Everyone will have a different tolerance level to caffeine and you will know pretty quickly if your body disagrees with the amount of caffeine you are consuming via the coffee you are drinking.
How much caffeine is in a cup of coffee?
It is worth remembering that there are many drinks other than coffee that contain caffeine.
Most notably tea, fizzy drinks and energy drinks can have a similar caffeine content to coffee but it does vary by type of tea and fizzy drink so if you mostly drink these types of drinks then you are going to be taking in a lot of caffeine.
The exact amount of caffeine in each cup of coffee varies depending on a range of factors including the variety of coffee bean, country of origin, how long the beans were roasted for and the way you choose to brew your coffee.
The approximate caffeine level in each cup of coffee for the most popular brewing types are:
Espresso – Contains about 125mg of caffeine for a double shot. This includes all espresso milk-based drinks such as cappuccino and latte as well. There is no caffeine in milk so converting espresso into other drinks with milk does not increase the caffeine content.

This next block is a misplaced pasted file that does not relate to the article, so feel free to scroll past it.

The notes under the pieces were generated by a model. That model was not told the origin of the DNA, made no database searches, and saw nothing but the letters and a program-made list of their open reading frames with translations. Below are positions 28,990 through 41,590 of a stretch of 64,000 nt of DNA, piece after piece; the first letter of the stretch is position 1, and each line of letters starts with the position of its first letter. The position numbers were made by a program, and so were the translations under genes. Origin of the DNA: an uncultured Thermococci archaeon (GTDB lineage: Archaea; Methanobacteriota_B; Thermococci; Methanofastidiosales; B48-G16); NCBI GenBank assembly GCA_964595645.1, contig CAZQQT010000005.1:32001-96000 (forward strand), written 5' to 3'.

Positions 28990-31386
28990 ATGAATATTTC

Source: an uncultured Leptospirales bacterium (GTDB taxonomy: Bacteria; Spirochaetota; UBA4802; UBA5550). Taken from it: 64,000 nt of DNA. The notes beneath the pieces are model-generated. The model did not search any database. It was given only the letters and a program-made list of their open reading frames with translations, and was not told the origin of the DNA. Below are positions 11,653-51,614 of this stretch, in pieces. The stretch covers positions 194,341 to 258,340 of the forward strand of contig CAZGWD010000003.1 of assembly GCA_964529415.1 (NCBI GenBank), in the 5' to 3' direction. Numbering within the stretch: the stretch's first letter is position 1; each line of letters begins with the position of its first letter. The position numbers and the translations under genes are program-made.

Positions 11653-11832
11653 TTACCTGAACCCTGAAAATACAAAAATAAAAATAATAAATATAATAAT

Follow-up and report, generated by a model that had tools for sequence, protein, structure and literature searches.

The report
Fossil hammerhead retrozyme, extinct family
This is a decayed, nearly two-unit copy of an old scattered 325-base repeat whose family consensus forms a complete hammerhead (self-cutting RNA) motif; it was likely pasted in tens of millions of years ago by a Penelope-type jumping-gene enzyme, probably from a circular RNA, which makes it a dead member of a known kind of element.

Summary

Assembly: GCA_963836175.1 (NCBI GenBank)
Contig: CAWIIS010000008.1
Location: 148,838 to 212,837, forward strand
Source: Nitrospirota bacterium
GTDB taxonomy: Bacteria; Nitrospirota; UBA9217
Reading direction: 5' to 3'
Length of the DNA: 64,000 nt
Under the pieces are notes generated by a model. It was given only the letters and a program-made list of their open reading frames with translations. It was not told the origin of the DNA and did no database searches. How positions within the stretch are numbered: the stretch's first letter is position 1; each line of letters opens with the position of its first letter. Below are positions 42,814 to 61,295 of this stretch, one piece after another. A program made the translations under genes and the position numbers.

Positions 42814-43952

Instant coffee – Approximately 60mg of caffeine per cup. There is generally less caffeine in instant coffee than in freshly ground coffee beans because of the way in which the coffee is processed before it gets turned into the granules you find inside the jars on the supermarket shelf.
Instant coffee is the least flavoursome way to enjoy drinking coffee and there are far better ways to enjoy a drink that you will consume multiple times a day.
This article explains in more detail:
Filter coffee – Around 100mg of caffeine per cup depending on your cup size and type of coffee used.
If you are not familiar with all the different ways to brew a cup of coffee then this article will walk you through each method in detail:
How much coffee is too much?
When you are asking this question, you are really asking “how much caffeine is too much?” because in-depth long term scientific studies have shown that regular consumption of coffee over years is beneficial compared to not drinking coffee on a regular basis.
You can find the specific scientific studies in this article:
Everyone is different but as a general guideline, you would need to ingest around 10 grams of caffeine all at the same time for it to cause you a very serious problem.
10 grams is 10,000 milligrams and so if we use the highest amount from the guide above which is 125mg for a double espresso so you would need to drink about 80 cups of coffee at the same time for it to have a seriously negative effect.